During his travels Link must also visit the eight towns in Hyrule. Link can talk to the villagers to get information, and some can even restore his life and magic. Each town also has a wise man that can teach you a new spell, provided you fulfill a certain requirement, and you can even learn new fighting techniques in two of the villages. Of course Link's main destination are the six Palaces, which are like the Dungeons in the first game but also use the platform mode. Link must search out a statue in each Palace but has to battle his way through the various enemies out to end your mission and search out keys to open the locked doors along your path. In addition, each Palace has a special item Link must find to complete his quest, such as the candle to light up caves, the hammer to smash rocks on the map, the raft to reach the other island, and so on. After Link reaches the end of the palace, he must defeat the Guardian and place a crystal in the statue's head to clear the level. Once Link completes all six Palaces, he can now enter the Great Palace, where the Triforce of Courage is kept, but must battle the final guardian to claim it.

    The graphics in this game have their good parts and bad parts. The overhead scenes aren't much to look at; it's basically made up of tiles prepresenting the various terrain, though it is clear what's what. The visuals in the side-view mode, on the other hand, are pretty good. Most of the characters are pretty well drawn and have good details and animation. The various areas range from okay to great, especially the castles, which have different looks and textures for some variety. Like the graphics, the sounds also have their ups and downs. None of the classic music from the original made it to the sequel, but what's there is good, from the peaceful music in towns to the creepy theme in the castles. The sound effects feature some nice sounds such as you zapping enemies and your shield deflecting hits. The controls are easy to use since you can easily access your spells from a drop-dowm menu and don't have to equip anything to use them, and they're pretty responsive without any delays. However Link doesn't jump very well, meaning you can miss a ledge and fall into a pit and he also can't stop on a dime when he walks, sometimes taking a few extra steps. These are annoyances but can be worked around.

    As far as the gameplay goes, Zelda II is pretty fun and engaging for the most part. The battle system is nicely done with constant action that keeps you on your toes, and the experience system gives you the option to customize your character. Plus this game requires quite a bit of time to complete and is a little on the difficult side, so you won't finish it too quickly. Unfortunately the gameplay does have some major flaws that drag it down. First of all some of the enemies can be frustrating to deal with, especially those that take away points if they hit you. Plus when Link gets hit he gets knocked back quite a bit, and often times he can get knocked into a pit, instantly costing you a life. But the main problems occur when you lose all three lives. While you have unlimited continues and a save system, you have to start ALL THE WAY BACK at North Castle and have to constantly retrace your steps to get back to where you were no matter how far you were, even if you get all the way to the last palace. Also while you keep your current levels and items, you lose all the experince points you had before you reached the next level, which is especially infuriating when you get close to advancing your abilities after many hours of work, only to lose them all at the last second and having to start from scratch.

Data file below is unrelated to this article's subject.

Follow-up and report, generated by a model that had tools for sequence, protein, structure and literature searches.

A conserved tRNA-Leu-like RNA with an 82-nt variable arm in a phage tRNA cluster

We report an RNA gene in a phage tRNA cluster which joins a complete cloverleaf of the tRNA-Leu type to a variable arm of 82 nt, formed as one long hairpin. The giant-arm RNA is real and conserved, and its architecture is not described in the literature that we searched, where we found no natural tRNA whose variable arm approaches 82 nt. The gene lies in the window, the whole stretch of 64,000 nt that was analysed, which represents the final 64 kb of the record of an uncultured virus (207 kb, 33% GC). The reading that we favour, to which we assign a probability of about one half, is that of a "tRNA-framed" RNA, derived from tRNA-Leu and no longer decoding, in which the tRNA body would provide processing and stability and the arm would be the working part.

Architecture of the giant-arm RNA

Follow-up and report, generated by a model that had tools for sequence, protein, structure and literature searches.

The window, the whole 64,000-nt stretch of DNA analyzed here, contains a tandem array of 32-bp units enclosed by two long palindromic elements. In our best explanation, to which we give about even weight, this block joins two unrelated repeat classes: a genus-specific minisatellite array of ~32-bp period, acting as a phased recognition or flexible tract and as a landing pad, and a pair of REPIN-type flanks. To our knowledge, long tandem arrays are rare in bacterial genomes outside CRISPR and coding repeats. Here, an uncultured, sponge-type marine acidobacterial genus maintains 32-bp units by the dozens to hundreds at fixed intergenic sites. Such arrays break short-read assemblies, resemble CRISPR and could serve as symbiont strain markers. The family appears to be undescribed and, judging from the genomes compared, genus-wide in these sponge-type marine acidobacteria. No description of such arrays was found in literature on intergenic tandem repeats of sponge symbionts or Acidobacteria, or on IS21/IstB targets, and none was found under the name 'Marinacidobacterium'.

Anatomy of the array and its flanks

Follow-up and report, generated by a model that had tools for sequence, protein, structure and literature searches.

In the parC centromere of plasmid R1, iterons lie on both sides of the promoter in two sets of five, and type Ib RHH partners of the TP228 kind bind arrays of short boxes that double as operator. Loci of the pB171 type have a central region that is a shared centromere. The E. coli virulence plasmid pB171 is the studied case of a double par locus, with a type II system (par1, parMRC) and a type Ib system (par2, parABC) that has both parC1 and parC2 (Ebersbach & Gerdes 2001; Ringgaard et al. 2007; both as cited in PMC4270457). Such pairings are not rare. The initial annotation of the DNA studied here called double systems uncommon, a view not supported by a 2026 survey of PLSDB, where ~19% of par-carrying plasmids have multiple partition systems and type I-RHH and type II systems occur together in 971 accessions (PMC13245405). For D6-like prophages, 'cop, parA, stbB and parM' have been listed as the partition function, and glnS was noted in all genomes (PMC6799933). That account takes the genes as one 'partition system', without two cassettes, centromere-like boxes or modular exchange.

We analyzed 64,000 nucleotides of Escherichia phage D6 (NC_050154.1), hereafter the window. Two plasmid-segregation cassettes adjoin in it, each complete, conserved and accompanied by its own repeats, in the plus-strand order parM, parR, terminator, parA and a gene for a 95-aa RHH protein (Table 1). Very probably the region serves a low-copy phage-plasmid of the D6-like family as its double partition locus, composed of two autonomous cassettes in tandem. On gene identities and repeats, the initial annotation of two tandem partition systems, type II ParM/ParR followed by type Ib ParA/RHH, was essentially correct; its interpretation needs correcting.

When all is said and done, Zelda II is a good game that could have been done better. This title does offer a nice twist to the Zelda franchise and has some good features that carried over to the later titles. While the problems with starting over are frustrating and could have been addressed, there is still enough enjoyable gameplay to keep you going. Many gamers consider Zelda II to be the black sheep of the series, but if you give it a chance you'll find it still proves to be a fine adventure on the NES.